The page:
For a long time, the Western Michigan University College of Aviation was music to the ears of Garrett Gokey. Once enrolled, the same could be said for the WMU Bronco Marching Band.
The combination served as a four-year quinella for the program's 2012 alumnus who graduated with a degree in aviation flight science.
Gokey didn't have to travel far to pursue his dream of a career in aviation. He hails from a community so nice, they named it twice -- Paw Paw -- just west of Western's home campus in Kalamazoo. Right after his 2008 graduation from Paw Paw High School, he started making collegiate progress on his future path in life that now features paychecks authorized by Delta Air Lines.
That pathway commenced when a class trip from Paw Paw took him to the aviation museum in Kalamazoo known as the Air Zoo. An airplane ride courtesy of the regional chapter of the Experimental Aviation Association (EAA) Chapter 221 cemented his commitment to become a pilot.
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Choosing to plot his course through Western's aviation program seemed "like a great fit from the start," Gokey says, "beginning with a welcoming experience with that first step on campus. I knew Western had a great aviation program, but its other activities and events gave me a comprehensive education."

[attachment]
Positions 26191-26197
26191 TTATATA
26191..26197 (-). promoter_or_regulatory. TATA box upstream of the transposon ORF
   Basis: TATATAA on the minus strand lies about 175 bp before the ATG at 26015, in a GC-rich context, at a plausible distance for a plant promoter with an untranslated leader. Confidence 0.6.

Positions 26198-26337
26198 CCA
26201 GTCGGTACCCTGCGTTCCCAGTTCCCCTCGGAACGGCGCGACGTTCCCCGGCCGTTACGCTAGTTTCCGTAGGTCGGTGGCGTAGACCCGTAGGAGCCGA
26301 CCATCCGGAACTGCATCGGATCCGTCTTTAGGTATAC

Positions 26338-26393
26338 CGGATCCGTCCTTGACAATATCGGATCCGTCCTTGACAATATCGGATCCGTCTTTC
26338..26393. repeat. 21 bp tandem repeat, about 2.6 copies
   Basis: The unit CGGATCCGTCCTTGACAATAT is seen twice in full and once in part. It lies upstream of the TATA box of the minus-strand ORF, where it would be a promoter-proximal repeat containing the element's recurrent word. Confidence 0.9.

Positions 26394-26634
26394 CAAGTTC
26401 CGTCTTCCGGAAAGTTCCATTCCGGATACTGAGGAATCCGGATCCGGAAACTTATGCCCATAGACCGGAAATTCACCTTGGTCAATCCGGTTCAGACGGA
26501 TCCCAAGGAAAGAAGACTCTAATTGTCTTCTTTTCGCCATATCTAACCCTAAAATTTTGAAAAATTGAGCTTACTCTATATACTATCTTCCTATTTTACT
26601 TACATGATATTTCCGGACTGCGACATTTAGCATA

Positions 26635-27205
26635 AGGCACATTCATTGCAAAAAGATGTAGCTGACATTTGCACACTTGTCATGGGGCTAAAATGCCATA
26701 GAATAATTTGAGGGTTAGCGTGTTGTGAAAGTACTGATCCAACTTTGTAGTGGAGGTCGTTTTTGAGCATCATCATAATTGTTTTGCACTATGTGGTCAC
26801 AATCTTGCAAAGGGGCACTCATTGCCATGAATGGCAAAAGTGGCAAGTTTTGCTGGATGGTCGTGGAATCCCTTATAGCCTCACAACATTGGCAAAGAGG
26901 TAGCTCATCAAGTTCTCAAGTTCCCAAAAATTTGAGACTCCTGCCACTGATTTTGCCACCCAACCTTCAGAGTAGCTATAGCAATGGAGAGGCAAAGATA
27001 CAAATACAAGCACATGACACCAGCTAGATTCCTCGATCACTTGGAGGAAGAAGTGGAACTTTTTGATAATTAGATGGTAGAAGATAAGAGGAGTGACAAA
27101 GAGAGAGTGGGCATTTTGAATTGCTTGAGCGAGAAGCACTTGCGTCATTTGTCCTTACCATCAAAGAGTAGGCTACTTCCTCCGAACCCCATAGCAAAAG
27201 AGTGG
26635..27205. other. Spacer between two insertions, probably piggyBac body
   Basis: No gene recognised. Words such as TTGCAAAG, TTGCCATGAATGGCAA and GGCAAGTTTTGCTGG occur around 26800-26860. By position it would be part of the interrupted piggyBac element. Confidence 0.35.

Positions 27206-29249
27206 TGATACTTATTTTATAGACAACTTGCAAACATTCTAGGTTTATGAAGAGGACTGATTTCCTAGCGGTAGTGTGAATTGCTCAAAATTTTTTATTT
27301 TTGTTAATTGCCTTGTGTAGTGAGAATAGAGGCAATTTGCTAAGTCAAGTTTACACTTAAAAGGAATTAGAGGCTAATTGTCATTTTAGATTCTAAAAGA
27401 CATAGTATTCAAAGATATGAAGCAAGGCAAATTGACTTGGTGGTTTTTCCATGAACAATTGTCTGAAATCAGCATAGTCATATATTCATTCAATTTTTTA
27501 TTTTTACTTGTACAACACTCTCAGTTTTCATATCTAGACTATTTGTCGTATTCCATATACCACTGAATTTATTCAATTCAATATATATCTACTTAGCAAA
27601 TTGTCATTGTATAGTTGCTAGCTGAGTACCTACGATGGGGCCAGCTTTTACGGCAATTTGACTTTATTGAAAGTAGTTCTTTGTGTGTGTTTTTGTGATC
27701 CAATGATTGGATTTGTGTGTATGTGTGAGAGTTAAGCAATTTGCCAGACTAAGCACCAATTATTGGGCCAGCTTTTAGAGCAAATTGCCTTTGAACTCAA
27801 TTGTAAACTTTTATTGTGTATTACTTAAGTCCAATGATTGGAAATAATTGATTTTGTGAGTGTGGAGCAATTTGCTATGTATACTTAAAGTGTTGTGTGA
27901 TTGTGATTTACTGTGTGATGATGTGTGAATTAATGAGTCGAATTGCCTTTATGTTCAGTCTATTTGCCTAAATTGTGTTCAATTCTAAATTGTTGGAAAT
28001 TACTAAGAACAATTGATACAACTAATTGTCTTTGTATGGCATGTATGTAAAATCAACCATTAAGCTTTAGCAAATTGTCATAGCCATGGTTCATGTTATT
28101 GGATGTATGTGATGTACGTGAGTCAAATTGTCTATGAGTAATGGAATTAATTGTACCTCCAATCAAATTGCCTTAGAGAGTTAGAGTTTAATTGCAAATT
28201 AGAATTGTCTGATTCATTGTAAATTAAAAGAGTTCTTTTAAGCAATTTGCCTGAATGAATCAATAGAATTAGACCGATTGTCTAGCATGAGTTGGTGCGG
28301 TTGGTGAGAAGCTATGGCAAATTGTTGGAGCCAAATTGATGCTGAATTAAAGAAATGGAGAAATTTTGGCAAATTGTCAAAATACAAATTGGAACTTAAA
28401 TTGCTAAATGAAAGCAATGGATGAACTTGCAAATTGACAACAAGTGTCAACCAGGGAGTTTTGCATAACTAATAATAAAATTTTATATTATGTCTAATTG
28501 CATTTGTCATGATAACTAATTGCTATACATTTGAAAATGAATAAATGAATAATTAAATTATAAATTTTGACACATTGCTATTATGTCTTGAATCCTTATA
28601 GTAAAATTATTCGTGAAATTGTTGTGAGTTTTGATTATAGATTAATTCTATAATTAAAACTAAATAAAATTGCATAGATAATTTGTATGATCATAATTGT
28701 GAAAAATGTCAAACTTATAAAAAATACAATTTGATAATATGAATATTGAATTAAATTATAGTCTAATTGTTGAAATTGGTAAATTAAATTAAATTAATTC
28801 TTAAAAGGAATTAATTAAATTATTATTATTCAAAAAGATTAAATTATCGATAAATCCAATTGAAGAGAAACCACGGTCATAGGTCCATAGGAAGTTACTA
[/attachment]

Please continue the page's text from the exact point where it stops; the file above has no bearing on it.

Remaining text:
The Paw Paw native says he "always enjoyed the 'systems' classes because the technical side of the equation really makes you appreciate what it takes to make the airplane operate in the flying environment."
Which is why he hosts warm feelings for Professor Willem Homan, who brought his own piloting experiences with him to class to complement a doctorate from Northern Arizona University and a master's from Arizona State. "He has great knowledge that he communicates in a straightforward manner," Gokey says. "He is someone who always wanted you to put forth your best effort. It was Professor Homan who nominated me to be the College of Aviation's Presidential Scholar. That was a humbling honor."
That was all part of Gokey's technical training. The "comprehensive" factor was supplied by him being a member of the WMU Bronco Marching Band that helps attract people to Waldo Stadium on football Saturdays in the fall. The band provided "a whole new perspective on the college experience," he says. "With students from different backgrounds and different majors all working together toward the common goal of producing a fantastic performance, it really made you feel a part of the heartbeat of the university."
Which is why Dr. David Montgomery, former director of the Bronco Marching Band, is right up there with Homan on Gokey's pedestal. "Dr. Montgomery always pushed us for a better rehearsal, performance and to always strive to make whatever you are doing at that moment better," he says. "The drive to always do something better -- or more accurately -- translates incredibly well to aviation."
Pressed to list his favorite recollections about those Western days, Gokey will cite his first solo, summer flights as a student pilot and -- hinting back to his own childhood -- giving free plane rides to youngsters at EAA events. Tied with all of these are the marching-band performances of which he was a part.